Imagine a company that pays its workers as little as 25 cents an hour and often charges more for its goods than any of its competitors, even though it pays no taxes or dividends. The marketplace would put it out of business before it got off the ground, probably before government regulators even found out about it.
Yet, such a firm does exist. It's not a private one operating in a free market. It's a half billion dollar government enterprise that wants to get bigger, at the expense of taxpayers and the jobs of workers in the private sector. Welcome to the world of Federal Prison Industries, Inc., or FPI-a unit of the U.S. Justice Department.
More than 22,000 inmates in over 100 of the nation's correctional facilities make up the captive work force of FPI. They make clothing, electronic and vehicle components, industrial items and dozens of other products including one of crucial significance to the economy of west Michigan-office furniture. That industry is reeling from a soft economy and if FPI has its way, west Michigan furniture workers are going to get hit again.
The idea of convicts working at something while serving their time is a laudable one. States often employ them to maintain and refurbish the very facilities which house them, or to produce goods and services for sale to each other, or to keep roadsides free of litter. But FPI is controversial because there's much more to it than prisoners keeping busy and out of trouble.
FPI enjoys preferential treatment in government contracts. Indeed, "monopoly" more aptly fits the status it enjoys. Federal law since 1934 designates FPI as a mandatory supplier to the federal government, which means that federal agencies must purchase from FPI; private firms that sell the same or similar products are cut out altogether, unless FPI itself grants a waiver.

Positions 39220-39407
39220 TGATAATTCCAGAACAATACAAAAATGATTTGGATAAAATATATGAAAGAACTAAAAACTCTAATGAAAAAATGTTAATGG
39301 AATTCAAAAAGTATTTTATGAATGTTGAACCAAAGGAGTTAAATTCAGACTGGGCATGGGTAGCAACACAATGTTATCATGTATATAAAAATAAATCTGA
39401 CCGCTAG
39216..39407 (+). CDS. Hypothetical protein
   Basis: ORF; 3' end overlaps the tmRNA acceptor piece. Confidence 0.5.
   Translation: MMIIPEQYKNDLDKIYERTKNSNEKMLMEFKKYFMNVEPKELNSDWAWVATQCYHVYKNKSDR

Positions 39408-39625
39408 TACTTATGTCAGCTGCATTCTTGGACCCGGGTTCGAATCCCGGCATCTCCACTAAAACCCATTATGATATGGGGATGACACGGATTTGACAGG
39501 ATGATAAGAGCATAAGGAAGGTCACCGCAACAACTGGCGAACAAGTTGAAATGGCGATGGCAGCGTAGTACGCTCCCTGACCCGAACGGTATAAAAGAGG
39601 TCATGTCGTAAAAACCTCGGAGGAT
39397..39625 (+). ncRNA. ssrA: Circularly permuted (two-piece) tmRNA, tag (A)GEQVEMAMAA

This monopoly status puts FPI in an extraordinary position. It determines whether its products for sale and its own delivery schedule actually meet the needs of the purchasing agency. If a federal agency wants something, and FPI makes it, FPI sets the terms. Agencies are even prevented from conducting market research to find out if private industry can supply them with a better and cheaper product.
U.S. Senator Carl Levin points out that "many federal agencies have been forced to purchase products that cost more, and perform less well, than products that are available to the rest of us in the commercial marketplace." He cites the General Accounting Office, which compared FPI prices for 20 representative products to prices for identical or comparable products in the catalogs of private vendors. For almost half of the products reviewed, FPI charged a higher price than most or all of the private vendors-who (unlike FPI) must pay taxes to governments, dividends to shareholders, and market wages to employees. When federal agencies made those costly purchases, they did so with taxpayer dollars.
Such poor policies and practices do harm even to the federal government's core responsibility-providing efficient and effective national defense. The U.S. Navy testified that what it buys from FPI is "inferior, costs more, and takes longer to procure" than comparable goods produced by the private sector. When the armed services have to spend more than necessary for desks or electronic components for weapons systems, they have less to spend for planes or bullets.
Without congressional intervention, FPI is poised for significant expansion. It now claims, without citing any statutory authority, that it can offer its goods in the private marketplace to firms that do business with the government. It also claims it can sell services (like packaging or data entry) in the private marketplace without limitation.
Legislation offered by Congressman Peter Hoekstra (R-Holland) would address the problem by requiring FPI to compete for federal contracts and prohibiting the agency from selling in the private marketplace. His bill, HR 1577, would also enhance public oversight of (and tighten the standards for) any future FPI expansion plans.
Unfair competition from privileged agencies of government is nothing new, but when it comes from prisoners doing time because they broke the law at the expense of taxpaying, law-abiding citizens, both fairness and economics demand that something be done about it.